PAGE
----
The ALCS said that more than 20,000 British authors, whose books formed part of the service, could profit. Authors will receive a lump sum of at least $60 for allowing digital copies of their books to be made. They will then receive the majority of proceeds from any online sales via Google Books and also get about two thirds from other online book sales. Google will take the rest.However, ALCS Honorary President (and former Writers' Guild President), Maureen Duffy, has stressed that only the revisions to the deal won by the American Authors' Guild have made it acceptable.
Rights holders will be able to set the price for the book on the service, but if they do not, Google said that it will use a “pricing algorithm” to calculate the cost of the book. The ALCS said that the move will provide “an important source of revenue” for out-of-print authors.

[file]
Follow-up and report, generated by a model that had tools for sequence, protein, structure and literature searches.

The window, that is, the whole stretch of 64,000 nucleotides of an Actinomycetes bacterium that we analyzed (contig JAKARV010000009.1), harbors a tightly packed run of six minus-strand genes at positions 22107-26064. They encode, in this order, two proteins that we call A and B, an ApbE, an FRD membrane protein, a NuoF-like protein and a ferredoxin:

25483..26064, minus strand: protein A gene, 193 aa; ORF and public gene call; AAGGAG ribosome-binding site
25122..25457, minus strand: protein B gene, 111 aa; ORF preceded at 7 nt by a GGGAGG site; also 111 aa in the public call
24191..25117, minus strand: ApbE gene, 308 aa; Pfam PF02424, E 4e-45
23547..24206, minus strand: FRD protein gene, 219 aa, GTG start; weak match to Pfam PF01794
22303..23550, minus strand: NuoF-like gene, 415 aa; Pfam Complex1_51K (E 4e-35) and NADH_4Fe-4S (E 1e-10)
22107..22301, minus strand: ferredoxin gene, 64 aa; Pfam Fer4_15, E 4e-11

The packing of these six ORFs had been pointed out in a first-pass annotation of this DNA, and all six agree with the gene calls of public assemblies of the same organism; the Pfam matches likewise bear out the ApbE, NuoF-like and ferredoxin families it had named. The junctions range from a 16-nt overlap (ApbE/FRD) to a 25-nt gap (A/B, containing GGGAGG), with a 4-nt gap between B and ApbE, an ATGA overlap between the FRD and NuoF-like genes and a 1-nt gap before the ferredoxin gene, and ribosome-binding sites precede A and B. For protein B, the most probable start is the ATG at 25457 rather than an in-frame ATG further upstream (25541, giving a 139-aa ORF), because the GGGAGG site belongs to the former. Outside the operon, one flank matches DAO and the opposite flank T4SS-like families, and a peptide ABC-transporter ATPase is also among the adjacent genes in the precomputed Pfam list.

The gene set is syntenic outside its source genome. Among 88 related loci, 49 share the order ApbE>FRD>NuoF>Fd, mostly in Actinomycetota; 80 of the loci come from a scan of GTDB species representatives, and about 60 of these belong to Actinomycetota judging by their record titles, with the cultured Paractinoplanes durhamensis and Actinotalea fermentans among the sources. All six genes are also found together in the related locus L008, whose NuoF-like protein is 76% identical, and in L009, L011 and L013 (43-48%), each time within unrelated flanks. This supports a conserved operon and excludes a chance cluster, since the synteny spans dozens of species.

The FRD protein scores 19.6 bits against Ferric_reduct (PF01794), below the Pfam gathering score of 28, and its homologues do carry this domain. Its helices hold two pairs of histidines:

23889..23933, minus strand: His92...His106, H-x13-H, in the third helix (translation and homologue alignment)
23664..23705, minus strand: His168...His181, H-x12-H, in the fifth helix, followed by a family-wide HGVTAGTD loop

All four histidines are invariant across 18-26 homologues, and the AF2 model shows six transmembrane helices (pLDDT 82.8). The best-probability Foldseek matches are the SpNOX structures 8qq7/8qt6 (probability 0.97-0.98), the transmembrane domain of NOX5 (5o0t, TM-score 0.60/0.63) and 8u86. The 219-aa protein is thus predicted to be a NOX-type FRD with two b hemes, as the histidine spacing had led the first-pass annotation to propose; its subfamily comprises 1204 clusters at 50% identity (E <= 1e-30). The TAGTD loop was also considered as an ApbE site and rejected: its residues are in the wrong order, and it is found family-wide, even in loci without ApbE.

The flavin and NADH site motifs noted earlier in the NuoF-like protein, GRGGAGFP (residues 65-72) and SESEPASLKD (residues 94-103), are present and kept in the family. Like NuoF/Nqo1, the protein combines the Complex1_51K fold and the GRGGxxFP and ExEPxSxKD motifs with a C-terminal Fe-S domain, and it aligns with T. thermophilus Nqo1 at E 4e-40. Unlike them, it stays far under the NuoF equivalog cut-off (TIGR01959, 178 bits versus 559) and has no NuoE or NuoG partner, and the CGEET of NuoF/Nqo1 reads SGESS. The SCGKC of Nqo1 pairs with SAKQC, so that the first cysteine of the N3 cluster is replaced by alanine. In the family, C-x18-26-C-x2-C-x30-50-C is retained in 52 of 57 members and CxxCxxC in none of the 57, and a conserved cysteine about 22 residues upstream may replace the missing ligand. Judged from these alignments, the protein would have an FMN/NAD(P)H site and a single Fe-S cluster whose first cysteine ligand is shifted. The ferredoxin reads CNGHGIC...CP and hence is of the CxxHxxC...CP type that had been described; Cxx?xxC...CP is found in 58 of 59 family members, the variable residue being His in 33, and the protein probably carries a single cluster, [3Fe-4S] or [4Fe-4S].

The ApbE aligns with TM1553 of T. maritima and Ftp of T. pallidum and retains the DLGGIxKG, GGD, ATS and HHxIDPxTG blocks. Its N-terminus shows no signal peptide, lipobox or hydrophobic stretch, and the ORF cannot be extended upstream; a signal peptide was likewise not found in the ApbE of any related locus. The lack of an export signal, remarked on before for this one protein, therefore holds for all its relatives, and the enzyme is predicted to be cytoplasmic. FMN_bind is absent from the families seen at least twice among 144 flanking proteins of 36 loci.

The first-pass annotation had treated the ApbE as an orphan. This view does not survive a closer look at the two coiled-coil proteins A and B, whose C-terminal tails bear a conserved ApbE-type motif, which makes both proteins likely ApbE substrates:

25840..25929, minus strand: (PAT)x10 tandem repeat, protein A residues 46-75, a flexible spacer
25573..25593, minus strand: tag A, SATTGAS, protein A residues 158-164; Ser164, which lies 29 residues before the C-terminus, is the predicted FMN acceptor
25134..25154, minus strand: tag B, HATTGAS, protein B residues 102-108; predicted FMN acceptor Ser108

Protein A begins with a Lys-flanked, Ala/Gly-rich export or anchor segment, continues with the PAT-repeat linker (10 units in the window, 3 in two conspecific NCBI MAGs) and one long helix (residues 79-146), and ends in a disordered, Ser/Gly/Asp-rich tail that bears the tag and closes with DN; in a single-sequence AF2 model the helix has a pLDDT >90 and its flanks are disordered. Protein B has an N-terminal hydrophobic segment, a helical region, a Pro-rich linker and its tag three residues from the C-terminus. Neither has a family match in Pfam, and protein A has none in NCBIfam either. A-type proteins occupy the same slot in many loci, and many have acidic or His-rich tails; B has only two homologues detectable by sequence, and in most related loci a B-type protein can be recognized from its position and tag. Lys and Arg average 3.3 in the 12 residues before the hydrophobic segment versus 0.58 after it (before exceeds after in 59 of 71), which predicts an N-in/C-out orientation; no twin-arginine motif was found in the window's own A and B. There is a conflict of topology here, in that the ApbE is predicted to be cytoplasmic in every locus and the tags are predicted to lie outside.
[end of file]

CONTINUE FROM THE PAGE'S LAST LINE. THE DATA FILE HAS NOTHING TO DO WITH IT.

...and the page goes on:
She said that as the author of over 30 books, she “know[s] authors want their works to be read widely; it’s also important that they receive a fair payment for this. It is after all through these and other payments that writers are able to write and create more works for you to enjoy. I believe the settlement will deliver this and furthermore, it will give writers control on the pricing and availability of their work through the Book Rights Registry - a body that will be governed equally by authors and publishers in partnership.”The Writers' Guild has already published advice to members likely to be affected by the deal and is interested in working with other writers' organisations to see it extended to the UK.
A dispute over the Settlement is still progressing through the American courts.
Update: There's a good summary of some of the issues relating to the Google Book Settlement on the BBC dot.life blog.